Ways to Engage Baby Boomers in the Workplace - theEMPLOYEEapp

5 Ways to Engage Baby Boomers in the Workplace

Last updated on March 21, 2024 at 06:45 am

Right now, there is a considerable focus on how Millennials and Generation Z impact the workplace. But Baby Boomers were the original generation that changed the job and consumer landscape. And today, Boomers still make up a large part of the U.S. workforce and are working well past traditional retirement years. However, according to a Gallup State of the American Workplace Report, Baby Boomers are also the most disengaged segment of the workforce. This lack of employee engagement costs corporate America almost $500 million annually. So, how can we increase employee engagement of Baby Boomers in the workplace?

Who are Baby Boomers?

Baby Boomers are your employees who are 50 – 70 years old. They were born between 1946 and 1964, after the end of World War II. 

Because of the political and social moment when they were born, a time of great economic growth, hope, and prosperity, many Boomers pursued higher education and professional careers. This has contributed to Baby Boomers being described as hardworking and very career focused. However, this generation still largely followed traditional gender roles when it comes to work.

What percent of the workforce are Baby Boomers?

In countries like the United States, Canada, and the United Kingdom, Baby Boomers are beginning to retire in large numbers. As of 2020, Baby Boomers only account for 25% of the workforce in the US.

Although this number is only going to continue to decline, they are still an essential part of your workforce. Don’t leave them behind just because they are no longer the majority.

graphic with a statistic graphically and textually represented. It says "25% of the workforce in the US are in the Baby Boomer generation."

What are Baby Boomers like in the workplace?

Baby Boomers are your most tenured, seasoned employees. As such, this generation of workers has a lot of knowledge and experience.

But they also might tend to cling to what’s worked in the past and be more resistant to change. But please don’t let damaging stereotypes form your opinion. At the end of the day, you need to get to know your employees specifically and cater to their unique needs.

That said, here are a few common characteristics of Baby Boomers in the workplace: 

  • Committed to their work (and workplace). Boomers often prioritize company loyalty and are less likely to job-hop than younger generations.
  • Strong work ethic. Many Boomers were raised to value hard work and achievement, so they’re often willing to put in long hours to get the job done. But despite stereotypes Boomers have for Millennials, Millennials still outpace them for hours spent on the job.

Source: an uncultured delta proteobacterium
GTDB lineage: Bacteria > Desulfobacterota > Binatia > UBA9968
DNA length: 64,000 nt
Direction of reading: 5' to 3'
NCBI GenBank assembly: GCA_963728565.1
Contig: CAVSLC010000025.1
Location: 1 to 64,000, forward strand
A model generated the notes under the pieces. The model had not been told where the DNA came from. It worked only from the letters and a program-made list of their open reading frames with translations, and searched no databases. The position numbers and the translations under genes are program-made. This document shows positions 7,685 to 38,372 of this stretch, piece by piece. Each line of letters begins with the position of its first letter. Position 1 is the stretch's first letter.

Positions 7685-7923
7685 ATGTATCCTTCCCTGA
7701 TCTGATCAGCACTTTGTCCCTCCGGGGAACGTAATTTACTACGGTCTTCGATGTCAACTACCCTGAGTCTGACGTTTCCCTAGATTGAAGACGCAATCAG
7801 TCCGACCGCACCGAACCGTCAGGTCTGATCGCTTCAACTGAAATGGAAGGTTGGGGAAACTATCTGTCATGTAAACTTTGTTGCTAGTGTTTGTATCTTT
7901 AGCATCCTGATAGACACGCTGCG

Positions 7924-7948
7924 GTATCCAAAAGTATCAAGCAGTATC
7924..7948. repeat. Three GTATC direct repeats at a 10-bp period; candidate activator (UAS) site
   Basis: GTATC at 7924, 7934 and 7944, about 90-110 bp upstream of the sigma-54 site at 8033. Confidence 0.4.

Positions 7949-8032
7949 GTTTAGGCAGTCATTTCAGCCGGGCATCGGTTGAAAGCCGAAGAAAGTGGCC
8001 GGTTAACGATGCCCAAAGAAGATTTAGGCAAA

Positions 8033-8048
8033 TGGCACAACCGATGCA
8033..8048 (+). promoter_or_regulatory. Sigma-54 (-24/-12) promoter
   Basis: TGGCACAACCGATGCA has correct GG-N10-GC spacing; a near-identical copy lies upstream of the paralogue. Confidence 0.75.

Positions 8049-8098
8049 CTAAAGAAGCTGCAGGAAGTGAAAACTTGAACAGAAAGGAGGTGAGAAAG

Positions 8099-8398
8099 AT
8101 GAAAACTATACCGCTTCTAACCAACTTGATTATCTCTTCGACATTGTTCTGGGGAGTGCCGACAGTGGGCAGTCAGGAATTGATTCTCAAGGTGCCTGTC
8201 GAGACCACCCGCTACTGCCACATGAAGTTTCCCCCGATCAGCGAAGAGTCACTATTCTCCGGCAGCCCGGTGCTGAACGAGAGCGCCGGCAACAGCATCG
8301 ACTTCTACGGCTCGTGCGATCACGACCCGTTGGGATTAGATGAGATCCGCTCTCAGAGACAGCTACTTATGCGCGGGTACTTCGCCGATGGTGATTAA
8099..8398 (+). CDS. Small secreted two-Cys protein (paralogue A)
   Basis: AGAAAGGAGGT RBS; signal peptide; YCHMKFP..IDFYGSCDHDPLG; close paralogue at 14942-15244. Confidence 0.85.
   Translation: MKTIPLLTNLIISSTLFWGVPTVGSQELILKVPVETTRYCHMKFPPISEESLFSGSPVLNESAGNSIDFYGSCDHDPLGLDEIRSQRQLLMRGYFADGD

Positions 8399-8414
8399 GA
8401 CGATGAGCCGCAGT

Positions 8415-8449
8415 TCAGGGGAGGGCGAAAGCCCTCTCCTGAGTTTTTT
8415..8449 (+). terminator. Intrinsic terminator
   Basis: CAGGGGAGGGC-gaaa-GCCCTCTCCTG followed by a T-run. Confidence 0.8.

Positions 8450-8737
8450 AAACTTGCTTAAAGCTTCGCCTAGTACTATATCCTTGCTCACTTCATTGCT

• Preference for traditional communication. Because Boomers came up before the internet and digital comms channels, they might prefer face-to-face, phone calls, and email communication. However, we believe that some of this resistance to newer and emerging technologies can be based on inexperience. Boomers might avoid certain technologies because they don’t know how to use them. But as a generation that prides themselves on work ethic and experience, may be hesitant to share their lack of knowledge. So, please invest in training your workforce on channels and technology even if you think it’s obvious how to use them.

graphic that says "Common Baby Boomer Work Traits" and lists 4 of the top traits Boomers exhibit at work.

How do you engage Baby Boomers in the workplace?

So, how do you break through with this generation who are both hard-working, but also might have one foot out the door?

These five strategies can help you engage Baby Boomers in the workplace.

1. Encourage them to be mentors.

We all want to feel like we add value. And that our experience and contributions mean something to our colleagues and leadership.

And since Baby Boomers have a wealth of experience and knowledge, a great way to keep them engaged is to ask them to be mentors. 

By setting up a mentorship program, they can pass along advice to those who are just starting or less advanced in their careers. In addition, it will remind them of what they love about their job and enable them to support a colleague’s growth. This has the added benefit of also providing learning and development opportunities to more junior workers, which boosts their engagement too.